CALDWELL:  Germany, I think that, you know, in Germany you have the same collapse of the center-left parties that’s happening everywhere in the world, arguably in our country as well. And you know, it’s hard to really describe this in general terms. But basically a working man’s party, turned into, you know, turned into a coalition of, you know, working people and minorities and university types. And then, it’s sort of like in doing so it went from, these went from parties that were based on equality, as I think someone has said, to parties that are based on diversity. And I think that they became sort of centered in the university in a couple of ways. But you know, in terms of multicultural doctrines and –

KRISTOL:  Identity politics I suppose.

CALDWELL:  Right, and because they were centered in the universities, they came to dominate the commanding heights of the economy. The internet, basically. You know, we have an information economy and they were the people who were where the information was.

And so, that transformation is happening everywhere. It’s happening, it’s happened much more slowly in Germany than it has anywhere else. And at the end of it, it’s hard to say who the Social Democrat’s coalition is, okay? So they had an extraordinary implosion in their vote. They went from, I think over thirty percent of the vote to under twenty percent of the vote. So they are really struggling.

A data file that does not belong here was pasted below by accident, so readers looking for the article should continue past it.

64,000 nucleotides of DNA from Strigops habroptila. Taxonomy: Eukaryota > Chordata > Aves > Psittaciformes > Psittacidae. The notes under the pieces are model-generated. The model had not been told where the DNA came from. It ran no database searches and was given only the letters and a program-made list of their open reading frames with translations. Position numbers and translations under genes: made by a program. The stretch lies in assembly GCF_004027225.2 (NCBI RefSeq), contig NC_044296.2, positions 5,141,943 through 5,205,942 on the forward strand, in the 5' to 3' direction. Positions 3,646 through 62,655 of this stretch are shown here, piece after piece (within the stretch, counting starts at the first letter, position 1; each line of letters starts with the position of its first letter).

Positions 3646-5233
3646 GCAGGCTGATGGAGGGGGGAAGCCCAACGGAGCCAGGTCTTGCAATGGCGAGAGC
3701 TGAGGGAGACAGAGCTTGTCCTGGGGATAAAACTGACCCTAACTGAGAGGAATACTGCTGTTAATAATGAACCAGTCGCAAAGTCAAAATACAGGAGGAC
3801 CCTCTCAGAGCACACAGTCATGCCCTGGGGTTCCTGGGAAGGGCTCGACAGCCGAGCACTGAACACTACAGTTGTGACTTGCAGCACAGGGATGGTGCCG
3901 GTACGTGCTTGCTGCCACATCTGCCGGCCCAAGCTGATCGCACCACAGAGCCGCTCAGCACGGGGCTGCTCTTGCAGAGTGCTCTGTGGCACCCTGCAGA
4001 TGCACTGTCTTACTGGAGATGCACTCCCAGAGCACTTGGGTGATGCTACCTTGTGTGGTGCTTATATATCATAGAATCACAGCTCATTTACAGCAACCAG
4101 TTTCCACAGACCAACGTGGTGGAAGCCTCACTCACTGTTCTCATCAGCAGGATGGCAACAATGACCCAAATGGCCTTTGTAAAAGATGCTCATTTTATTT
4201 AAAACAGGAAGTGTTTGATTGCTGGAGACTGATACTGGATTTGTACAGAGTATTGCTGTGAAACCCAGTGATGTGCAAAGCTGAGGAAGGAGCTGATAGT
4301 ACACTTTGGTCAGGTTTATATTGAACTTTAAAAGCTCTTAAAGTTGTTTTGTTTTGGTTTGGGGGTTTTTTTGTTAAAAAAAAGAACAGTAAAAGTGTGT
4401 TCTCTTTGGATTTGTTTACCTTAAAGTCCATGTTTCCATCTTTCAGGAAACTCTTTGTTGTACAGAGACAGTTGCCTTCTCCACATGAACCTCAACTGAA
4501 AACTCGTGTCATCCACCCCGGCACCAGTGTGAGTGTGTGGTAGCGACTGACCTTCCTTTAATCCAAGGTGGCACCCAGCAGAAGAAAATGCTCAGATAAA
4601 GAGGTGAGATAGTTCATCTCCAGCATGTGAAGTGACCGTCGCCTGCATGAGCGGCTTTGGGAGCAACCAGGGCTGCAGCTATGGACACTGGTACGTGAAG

Now, before the election last fall, the Social Democrats were in coalition with the Christian Democrats – Merkel’s Christian Democrats. This is a very interesting type of government that Germany has – a grand coalition where you have the two parties joined together. And it’s sort of like having, if we had like a Democratic Republican coalition of the United States.

KRISTOL:  Yeah, the Jeb Bush/Hillary Clinton government.

CALDWELL:  That’s right. And so, if one of them was the President and the other was the Vice President. And there’s something a little bit unsavory about it, right? So, Germans –

KRISTOL:  The establishment getting together to take care of –

CALDWELL:  Yes, that’s right. And so Germany had one of these governments in the 1960s, but other than that it’s been kind of anathema. But now, since Merkel came to power, they’ve had three of them, I mean, if we count the incoming one. And yeah, that makes people sort of distrust them more.